Luke Howard Week: Thursday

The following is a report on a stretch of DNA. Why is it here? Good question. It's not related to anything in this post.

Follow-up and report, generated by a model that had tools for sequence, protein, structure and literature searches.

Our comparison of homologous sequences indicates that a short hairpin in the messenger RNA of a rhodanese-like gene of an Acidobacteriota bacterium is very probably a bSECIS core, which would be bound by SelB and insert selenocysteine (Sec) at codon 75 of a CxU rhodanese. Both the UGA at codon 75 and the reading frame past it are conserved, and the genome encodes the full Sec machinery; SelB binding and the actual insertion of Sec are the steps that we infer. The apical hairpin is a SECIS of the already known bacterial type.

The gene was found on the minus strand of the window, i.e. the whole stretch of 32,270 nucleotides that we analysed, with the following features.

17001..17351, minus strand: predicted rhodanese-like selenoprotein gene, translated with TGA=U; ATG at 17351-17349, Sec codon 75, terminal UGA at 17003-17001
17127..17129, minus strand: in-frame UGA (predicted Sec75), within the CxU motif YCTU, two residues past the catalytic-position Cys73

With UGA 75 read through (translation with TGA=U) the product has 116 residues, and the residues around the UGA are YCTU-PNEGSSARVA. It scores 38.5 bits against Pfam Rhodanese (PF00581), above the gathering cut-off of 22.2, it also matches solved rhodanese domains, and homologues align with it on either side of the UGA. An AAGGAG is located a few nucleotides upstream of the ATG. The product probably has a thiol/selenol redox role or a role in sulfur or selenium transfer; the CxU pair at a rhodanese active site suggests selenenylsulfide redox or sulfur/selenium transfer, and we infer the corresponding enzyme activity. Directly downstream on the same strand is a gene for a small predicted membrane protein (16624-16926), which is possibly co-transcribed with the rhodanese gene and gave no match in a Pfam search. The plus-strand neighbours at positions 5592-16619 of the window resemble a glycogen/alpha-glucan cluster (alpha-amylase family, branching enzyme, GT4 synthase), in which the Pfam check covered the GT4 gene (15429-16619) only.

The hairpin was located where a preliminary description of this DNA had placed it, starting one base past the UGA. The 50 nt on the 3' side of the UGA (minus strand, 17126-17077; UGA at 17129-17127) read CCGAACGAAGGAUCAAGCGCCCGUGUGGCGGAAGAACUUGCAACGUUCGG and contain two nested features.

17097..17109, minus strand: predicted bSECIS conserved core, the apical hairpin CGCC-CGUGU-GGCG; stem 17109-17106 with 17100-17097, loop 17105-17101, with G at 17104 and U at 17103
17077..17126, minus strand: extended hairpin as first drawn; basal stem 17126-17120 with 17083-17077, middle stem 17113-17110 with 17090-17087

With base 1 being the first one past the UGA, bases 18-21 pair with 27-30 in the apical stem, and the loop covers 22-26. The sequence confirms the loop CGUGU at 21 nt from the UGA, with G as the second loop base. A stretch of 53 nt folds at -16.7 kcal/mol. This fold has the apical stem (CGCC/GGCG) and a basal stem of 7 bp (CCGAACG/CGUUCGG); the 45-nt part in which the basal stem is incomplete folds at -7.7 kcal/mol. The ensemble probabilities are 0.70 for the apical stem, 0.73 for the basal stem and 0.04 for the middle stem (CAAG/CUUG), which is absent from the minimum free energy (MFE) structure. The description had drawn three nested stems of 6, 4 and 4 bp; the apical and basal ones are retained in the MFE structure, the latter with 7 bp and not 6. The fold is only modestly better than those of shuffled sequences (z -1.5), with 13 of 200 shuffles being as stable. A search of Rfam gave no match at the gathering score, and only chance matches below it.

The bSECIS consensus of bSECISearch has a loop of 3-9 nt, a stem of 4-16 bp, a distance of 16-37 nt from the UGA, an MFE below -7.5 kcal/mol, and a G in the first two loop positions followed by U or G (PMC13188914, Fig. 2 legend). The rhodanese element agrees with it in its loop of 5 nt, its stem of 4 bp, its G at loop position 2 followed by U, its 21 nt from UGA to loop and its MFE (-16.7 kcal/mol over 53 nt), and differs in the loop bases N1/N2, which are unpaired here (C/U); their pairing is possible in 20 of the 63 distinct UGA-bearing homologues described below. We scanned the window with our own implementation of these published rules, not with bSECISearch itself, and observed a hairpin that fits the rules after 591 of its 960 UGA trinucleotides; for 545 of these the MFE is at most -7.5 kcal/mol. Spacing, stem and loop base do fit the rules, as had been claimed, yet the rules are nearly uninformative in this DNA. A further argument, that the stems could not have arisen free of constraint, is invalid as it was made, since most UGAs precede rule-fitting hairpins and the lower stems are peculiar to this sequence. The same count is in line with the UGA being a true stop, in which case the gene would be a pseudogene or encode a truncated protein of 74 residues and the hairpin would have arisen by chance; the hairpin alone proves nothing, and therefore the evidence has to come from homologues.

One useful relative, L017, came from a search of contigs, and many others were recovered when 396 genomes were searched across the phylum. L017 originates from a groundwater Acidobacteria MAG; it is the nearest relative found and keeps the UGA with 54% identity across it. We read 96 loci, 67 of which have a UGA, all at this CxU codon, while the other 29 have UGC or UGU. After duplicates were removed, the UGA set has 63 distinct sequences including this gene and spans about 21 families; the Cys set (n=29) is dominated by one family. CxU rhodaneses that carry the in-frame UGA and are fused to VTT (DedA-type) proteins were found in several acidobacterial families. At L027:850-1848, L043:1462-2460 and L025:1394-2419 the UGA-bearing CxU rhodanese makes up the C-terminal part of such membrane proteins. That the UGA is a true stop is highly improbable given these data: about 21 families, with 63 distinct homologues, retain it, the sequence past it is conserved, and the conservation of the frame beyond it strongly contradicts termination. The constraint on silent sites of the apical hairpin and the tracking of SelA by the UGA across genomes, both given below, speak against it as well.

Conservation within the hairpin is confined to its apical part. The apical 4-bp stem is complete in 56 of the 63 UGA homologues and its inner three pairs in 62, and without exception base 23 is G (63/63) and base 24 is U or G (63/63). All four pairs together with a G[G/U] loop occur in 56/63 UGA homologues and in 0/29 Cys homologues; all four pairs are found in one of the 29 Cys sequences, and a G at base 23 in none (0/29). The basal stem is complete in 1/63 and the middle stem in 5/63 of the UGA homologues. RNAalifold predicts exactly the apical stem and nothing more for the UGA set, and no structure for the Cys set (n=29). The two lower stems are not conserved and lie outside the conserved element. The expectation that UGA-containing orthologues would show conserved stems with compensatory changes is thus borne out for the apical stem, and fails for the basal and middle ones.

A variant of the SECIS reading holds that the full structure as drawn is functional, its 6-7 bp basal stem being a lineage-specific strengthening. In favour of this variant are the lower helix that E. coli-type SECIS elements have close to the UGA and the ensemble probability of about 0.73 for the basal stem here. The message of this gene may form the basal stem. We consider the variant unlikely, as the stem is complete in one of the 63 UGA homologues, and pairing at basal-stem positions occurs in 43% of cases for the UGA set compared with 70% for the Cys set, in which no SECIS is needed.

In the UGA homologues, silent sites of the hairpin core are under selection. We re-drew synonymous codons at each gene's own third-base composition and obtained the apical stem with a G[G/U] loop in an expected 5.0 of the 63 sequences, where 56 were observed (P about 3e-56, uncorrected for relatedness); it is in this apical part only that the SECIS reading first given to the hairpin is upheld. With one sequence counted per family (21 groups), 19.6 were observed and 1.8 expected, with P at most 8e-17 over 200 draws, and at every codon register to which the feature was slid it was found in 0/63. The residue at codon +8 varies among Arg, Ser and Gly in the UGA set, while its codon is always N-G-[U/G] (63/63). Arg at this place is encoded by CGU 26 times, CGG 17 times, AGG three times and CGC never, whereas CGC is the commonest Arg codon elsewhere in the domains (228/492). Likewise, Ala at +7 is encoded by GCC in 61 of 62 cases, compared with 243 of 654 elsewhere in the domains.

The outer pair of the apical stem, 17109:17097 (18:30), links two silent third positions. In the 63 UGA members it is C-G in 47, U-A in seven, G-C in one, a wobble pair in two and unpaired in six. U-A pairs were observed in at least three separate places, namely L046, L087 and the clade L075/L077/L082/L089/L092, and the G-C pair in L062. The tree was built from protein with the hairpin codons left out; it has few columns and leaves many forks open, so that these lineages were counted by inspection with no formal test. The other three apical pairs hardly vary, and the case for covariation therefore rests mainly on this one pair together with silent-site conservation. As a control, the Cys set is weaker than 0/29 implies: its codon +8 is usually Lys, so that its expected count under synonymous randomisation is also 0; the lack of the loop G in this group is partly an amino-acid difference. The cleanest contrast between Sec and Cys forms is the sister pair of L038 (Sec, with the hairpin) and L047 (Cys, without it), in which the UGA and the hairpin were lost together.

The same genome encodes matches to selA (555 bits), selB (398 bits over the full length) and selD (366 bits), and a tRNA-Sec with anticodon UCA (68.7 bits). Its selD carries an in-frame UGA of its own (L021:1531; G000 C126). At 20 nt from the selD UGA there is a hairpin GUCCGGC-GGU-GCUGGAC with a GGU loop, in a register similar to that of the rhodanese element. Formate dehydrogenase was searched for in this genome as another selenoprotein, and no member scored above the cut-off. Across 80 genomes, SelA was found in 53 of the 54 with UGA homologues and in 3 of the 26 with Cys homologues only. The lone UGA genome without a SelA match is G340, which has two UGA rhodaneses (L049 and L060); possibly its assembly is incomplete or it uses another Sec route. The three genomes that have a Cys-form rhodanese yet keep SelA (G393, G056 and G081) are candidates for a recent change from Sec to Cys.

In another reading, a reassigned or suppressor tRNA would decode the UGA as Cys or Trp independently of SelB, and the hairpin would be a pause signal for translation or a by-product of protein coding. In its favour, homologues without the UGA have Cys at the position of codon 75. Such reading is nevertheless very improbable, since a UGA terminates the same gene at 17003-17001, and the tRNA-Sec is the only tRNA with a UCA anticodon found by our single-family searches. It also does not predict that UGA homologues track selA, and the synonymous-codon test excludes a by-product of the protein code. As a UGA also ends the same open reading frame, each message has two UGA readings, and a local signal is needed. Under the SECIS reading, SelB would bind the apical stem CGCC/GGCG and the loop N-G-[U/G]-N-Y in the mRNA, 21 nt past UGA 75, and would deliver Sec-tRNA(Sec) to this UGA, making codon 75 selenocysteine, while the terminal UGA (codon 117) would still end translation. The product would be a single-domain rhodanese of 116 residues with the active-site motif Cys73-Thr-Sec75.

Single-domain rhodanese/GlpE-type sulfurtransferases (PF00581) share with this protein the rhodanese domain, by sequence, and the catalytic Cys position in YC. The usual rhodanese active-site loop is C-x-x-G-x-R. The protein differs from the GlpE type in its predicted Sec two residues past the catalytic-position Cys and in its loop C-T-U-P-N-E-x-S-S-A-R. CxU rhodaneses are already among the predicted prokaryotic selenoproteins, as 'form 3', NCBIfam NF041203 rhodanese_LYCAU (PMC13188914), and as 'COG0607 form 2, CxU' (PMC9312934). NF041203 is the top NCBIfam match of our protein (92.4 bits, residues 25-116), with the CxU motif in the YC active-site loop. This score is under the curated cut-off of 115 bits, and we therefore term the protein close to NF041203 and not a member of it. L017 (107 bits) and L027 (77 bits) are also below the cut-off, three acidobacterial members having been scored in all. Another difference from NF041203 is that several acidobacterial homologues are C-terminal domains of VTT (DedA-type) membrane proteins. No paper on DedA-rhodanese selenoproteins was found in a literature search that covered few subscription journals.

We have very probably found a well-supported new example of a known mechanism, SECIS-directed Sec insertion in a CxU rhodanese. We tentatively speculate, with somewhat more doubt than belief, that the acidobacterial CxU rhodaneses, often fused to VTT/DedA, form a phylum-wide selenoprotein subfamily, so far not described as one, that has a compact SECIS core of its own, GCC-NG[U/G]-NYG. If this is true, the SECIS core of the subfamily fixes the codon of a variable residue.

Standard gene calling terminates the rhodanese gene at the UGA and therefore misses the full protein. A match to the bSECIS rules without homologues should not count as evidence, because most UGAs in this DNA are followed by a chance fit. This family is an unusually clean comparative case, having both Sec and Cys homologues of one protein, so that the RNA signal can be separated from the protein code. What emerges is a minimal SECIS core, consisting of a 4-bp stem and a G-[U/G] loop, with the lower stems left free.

Luke Howard was a tireless and disciplined weather observer who for decades kept daily records of his measurements in and around London. This diagram of the mean temperature throughout the year in the metropolis appeared in the 1833 edition of his book The Climate of London, which was first published in 1818. Through his observations Howard was the first to recognise the effect that urban areas have on local climate. His comparison of temperature records within and outside the capital allowed him to detect, describe, and analyse the phenomenon of ‘urban heat islands’, the fact that average temperatures are higher in cities than in the countryside, many decades before others confirmed it. As he described it, ‘the temperature of the city is not to be considered as that of the climate; it partakes too much of an artificial warmth, induced by its structure, by a crowded population, and the consumption of great quantities of fuel in fires’. He published his book for the enlightenment of his ‘Fellow Citizens’, arguing that science should be studied ‘to bring forth fruits beneficial to his country and to mankind at large’. It is remarkable that Luke Howard, who was subsequently elected a Fellow of the Royal Society, identified virtually all the factors that are today considered responsible for why its warmer in cities than in the country and that he did so in 1820, at the dawn of the scientific study of weather and climate. Encircling his chart of London temperatures is a Latin quotation from the Roman poet Virgil that sums up his dedication to methodical observation: ‘Not in vain do we watch the stars, as they rise and set, and the year, uniform in its four several seasons.’

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